Ford Turns Down the Volume
Although MyFordTouch has been roundly derided for a variety of reasons ranging from difficulty to downright disfunctionality, there is one product beginning with an attributive adjective that seems to be useful for parents of teens and operators of contracting businesses alike, which seems to indicate that all is not lost vis-à-vis Ford’s telematics undertaking.
MyKey screen in a 2014 Mustang
It’s MyKey which provides the ability for someone in charge (e.g., adult, business owner) to set up the vehicle so that:
--The top speed is limited. 80 mph is the overall maximum (not that we’re aware of anywhere where one can legally drive 80, you never know when you need to put the pedal to the metal).
--The audio system is limited to 45% of max volume so that one can actually be aware of things like sirens and horns being sounded.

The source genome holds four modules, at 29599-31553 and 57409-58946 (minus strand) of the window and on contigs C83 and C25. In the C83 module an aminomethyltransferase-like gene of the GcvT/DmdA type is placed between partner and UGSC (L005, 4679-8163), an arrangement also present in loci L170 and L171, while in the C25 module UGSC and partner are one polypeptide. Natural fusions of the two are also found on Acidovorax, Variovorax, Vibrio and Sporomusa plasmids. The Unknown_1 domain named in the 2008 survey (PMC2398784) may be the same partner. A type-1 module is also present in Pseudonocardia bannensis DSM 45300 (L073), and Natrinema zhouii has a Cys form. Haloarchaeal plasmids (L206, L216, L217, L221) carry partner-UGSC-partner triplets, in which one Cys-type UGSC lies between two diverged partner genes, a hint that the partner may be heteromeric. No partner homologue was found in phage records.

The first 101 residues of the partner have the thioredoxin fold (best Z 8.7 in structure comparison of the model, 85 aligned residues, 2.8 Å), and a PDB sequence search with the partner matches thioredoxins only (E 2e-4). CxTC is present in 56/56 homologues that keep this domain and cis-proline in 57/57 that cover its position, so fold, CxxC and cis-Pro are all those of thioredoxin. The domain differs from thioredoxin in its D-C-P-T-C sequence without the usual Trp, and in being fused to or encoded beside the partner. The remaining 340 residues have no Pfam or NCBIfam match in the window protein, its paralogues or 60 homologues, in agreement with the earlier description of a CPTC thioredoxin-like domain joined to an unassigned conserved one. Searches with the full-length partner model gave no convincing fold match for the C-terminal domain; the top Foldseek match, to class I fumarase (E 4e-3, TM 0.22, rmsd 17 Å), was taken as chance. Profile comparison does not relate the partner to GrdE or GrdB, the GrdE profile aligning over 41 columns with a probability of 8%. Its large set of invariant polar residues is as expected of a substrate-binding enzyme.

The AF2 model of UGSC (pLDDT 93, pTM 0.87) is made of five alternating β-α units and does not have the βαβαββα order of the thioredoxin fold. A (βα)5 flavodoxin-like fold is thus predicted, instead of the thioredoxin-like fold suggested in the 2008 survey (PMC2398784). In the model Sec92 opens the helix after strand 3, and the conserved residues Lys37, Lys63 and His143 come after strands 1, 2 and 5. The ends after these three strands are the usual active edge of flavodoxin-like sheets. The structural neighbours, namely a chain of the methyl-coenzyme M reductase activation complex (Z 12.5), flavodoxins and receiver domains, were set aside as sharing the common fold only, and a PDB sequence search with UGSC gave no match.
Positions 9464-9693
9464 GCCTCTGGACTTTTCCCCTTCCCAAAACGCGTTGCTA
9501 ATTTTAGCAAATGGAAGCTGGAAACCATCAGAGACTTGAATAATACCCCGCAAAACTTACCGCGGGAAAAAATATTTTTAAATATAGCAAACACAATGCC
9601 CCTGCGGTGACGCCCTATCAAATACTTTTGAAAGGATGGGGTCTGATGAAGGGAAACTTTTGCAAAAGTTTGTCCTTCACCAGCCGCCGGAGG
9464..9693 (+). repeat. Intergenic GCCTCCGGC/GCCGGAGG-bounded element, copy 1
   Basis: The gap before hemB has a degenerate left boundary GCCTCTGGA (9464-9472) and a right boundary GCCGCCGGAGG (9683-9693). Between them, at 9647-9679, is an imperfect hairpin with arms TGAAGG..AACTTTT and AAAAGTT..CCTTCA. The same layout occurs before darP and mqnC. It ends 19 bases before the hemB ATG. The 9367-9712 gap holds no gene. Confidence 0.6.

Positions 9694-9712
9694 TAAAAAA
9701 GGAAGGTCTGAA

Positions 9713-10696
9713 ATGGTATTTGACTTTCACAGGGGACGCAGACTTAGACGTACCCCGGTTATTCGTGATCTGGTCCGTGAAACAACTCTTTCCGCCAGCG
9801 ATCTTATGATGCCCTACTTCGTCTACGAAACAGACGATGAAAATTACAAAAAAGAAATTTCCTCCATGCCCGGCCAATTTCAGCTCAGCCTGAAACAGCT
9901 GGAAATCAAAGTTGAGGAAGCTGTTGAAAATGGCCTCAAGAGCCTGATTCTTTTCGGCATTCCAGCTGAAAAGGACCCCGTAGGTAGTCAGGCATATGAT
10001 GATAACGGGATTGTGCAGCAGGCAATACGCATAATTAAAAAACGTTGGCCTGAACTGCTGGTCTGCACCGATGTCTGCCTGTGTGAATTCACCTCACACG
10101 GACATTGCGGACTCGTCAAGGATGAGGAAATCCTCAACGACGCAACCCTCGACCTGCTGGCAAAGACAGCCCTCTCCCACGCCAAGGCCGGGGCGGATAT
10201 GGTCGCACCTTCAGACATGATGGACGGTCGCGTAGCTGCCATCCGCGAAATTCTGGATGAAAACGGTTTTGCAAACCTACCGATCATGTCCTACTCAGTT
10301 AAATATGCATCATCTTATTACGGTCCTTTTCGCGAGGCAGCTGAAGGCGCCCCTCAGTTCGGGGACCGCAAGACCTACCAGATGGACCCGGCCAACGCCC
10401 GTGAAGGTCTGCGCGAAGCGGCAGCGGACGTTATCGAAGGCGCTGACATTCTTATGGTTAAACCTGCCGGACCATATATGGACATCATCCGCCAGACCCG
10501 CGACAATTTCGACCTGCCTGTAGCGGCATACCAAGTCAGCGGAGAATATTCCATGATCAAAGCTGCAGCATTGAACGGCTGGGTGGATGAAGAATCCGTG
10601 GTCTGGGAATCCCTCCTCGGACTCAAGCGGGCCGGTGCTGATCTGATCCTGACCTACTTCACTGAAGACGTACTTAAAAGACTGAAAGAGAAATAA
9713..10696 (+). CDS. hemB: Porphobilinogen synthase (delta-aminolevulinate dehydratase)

--Incoming phone calls are directly routed to voicemail, thereby making sure that one concentrates on driving, not what they’ll be doing after they get off of work.
While Ford initially seemed to target MyKey to parents of teens, thereby creating nearly eternal enmity among teen drivers of their parents Mustangs and Taurus SHOs, now they are focusing on contractors, too, putting the telematics system on, for example the 2014 Transit Connect.
A young(ish) guy that I’ve known for a number of years, a man who spent the better part of his career writing for auto buff books and who is a car racer on the side, mentioned to me that his wife has a used Lexus ES Hybrid.
The thing about the Wrangler Willys Wheeler: It is a toy for a grown-up boy.
Plenty of interior components are injection molded. But some companies—such as VW—are using a process for trim pieces that both mold a component and cover it in fabric in a single molding process. And it is coming to the U.S. in the not-too-distant future.